Last week, a federal judge held that a jury could reasonably find that Hannaford fired one of the Maine Employee Rights Group’s (MERG) clients because of his age, disabilities, and need for medical leave. MERG’s client worked for Hannaford for over thirty years and served as the Produce Manager at the Waldoboro Hannaford store when Hannaford fired him. At the time of his termination, he was 58 years old; suffered from heart disease, knee and back impairments, and a shoulder injury; and had repeatedly needed medical leaves due to his medical conditions. Hannaford fired MERG’s client on the day he returned from a medical leave.
Before MERG’s client went out on medical leave, the Waldoboro store was planning to undergo a major remodel and expansion which would increase both the sales volume of the store and the stress on the store’s employees. The store manager asked MERG’s client whether he could “handle” the stress associated with the expansion but there was evidence that he did not ask other managers in the store—who were younger and not disabled—this same question.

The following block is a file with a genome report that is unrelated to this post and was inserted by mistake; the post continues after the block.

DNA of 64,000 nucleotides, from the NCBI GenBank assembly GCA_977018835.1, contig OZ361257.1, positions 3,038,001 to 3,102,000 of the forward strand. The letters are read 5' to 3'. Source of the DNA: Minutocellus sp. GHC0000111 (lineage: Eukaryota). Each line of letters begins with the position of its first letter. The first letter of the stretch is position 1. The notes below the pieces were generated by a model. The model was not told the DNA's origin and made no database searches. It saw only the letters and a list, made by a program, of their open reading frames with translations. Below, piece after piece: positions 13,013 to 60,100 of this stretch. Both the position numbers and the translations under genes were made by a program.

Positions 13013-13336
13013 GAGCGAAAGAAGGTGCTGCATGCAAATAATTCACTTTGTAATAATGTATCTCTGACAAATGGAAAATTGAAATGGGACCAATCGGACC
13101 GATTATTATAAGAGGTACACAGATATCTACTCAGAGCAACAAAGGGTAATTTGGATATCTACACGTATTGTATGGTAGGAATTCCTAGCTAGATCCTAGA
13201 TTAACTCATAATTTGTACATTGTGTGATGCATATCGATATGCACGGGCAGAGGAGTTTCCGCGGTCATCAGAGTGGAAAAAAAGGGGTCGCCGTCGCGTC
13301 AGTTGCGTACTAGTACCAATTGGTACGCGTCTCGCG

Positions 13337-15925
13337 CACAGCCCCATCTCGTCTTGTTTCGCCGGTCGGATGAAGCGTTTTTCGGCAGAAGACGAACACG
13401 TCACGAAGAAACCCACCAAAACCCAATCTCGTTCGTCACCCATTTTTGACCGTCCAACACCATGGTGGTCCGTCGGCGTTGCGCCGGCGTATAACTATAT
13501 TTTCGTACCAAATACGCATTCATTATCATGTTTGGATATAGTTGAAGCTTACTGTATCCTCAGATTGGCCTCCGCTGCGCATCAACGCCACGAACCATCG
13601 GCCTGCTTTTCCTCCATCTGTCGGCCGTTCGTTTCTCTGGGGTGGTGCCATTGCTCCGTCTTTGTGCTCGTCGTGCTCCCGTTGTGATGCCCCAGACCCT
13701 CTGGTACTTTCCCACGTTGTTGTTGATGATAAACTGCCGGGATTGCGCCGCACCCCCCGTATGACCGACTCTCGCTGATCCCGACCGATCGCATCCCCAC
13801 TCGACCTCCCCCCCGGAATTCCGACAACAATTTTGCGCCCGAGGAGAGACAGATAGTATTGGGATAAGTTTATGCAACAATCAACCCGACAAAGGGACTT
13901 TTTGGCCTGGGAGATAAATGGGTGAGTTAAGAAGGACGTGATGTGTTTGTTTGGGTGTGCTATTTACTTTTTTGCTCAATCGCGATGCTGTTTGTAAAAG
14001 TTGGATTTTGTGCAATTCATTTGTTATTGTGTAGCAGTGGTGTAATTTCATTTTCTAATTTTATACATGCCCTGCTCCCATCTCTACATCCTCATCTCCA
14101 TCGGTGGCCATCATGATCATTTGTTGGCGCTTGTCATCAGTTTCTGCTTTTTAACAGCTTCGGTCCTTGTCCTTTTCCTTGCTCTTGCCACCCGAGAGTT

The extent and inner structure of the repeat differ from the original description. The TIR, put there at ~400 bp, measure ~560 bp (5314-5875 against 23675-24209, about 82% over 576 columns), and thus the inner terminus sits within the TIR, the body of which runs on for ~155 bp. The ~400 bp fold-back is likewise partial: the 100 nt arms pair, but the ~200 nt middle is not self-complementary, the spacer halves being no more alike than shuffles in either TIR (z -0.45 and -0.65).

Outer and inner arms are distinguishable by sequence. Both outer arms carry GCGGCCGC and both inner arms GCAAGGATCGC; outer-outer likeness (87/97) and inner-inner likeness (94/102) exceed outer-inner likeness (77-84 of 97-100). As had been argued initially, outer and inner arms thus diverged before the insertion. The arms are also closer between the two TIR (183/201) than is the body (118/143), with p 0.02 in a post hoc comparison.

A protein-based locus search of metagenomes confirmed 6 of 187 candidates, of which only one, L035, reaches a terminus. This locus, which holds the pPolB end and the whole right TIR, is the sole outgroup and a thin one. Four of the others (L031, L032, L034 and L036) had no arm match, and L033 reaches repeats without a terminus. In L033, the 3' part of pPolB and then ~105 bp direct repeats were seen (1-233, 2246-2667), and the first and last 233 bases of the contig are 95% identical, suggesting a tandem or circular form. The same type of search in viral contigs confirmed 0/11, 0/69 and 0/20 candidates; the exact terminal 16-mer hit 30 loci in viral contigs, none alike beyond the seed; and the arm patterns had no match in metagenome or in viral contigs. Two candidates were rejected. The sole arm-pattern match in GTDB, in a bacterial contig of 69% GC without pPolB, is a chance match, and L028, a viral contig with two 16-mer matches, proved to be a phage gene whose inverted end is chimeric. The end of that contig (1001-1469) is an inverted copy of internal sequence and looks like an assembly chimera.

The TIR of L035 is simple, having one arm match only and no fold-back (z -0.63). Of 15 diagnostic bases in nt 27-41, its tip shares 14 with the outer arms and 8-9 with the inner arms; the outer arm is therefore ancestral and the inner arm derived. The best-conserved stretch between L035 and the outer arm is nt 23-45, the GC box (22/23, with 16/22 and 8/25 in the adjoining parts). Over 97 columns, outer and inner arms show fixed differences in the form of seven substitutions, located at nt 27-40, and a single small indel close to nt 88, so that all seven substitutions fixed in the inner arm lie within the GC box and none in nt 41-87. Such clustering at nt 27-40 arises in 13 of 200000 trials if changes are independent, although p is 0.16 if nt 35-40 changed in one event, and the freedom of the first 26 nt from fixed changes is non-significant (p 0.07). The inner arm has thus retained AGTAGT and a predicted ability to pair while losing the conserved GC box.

While MERG’s client was out on medical leave, Hannaford claims it received information indicating that MERG’s client was not complying with food safety policies relating to the preparation of cut fruit. Hannaford launched a food safety investigation and the store manager and an associate relations manager met with MERG’s client in connection with that investigation on the day he returned from medical leave. During this meeting, the store manager claims MERG’s client admitted that he knowingly violated food safety policy and that is why Hannaford claims it fired him. MERG’s client denies that he admitted to violating policy and says that no one even asked him if he thought he was violating food safety policy.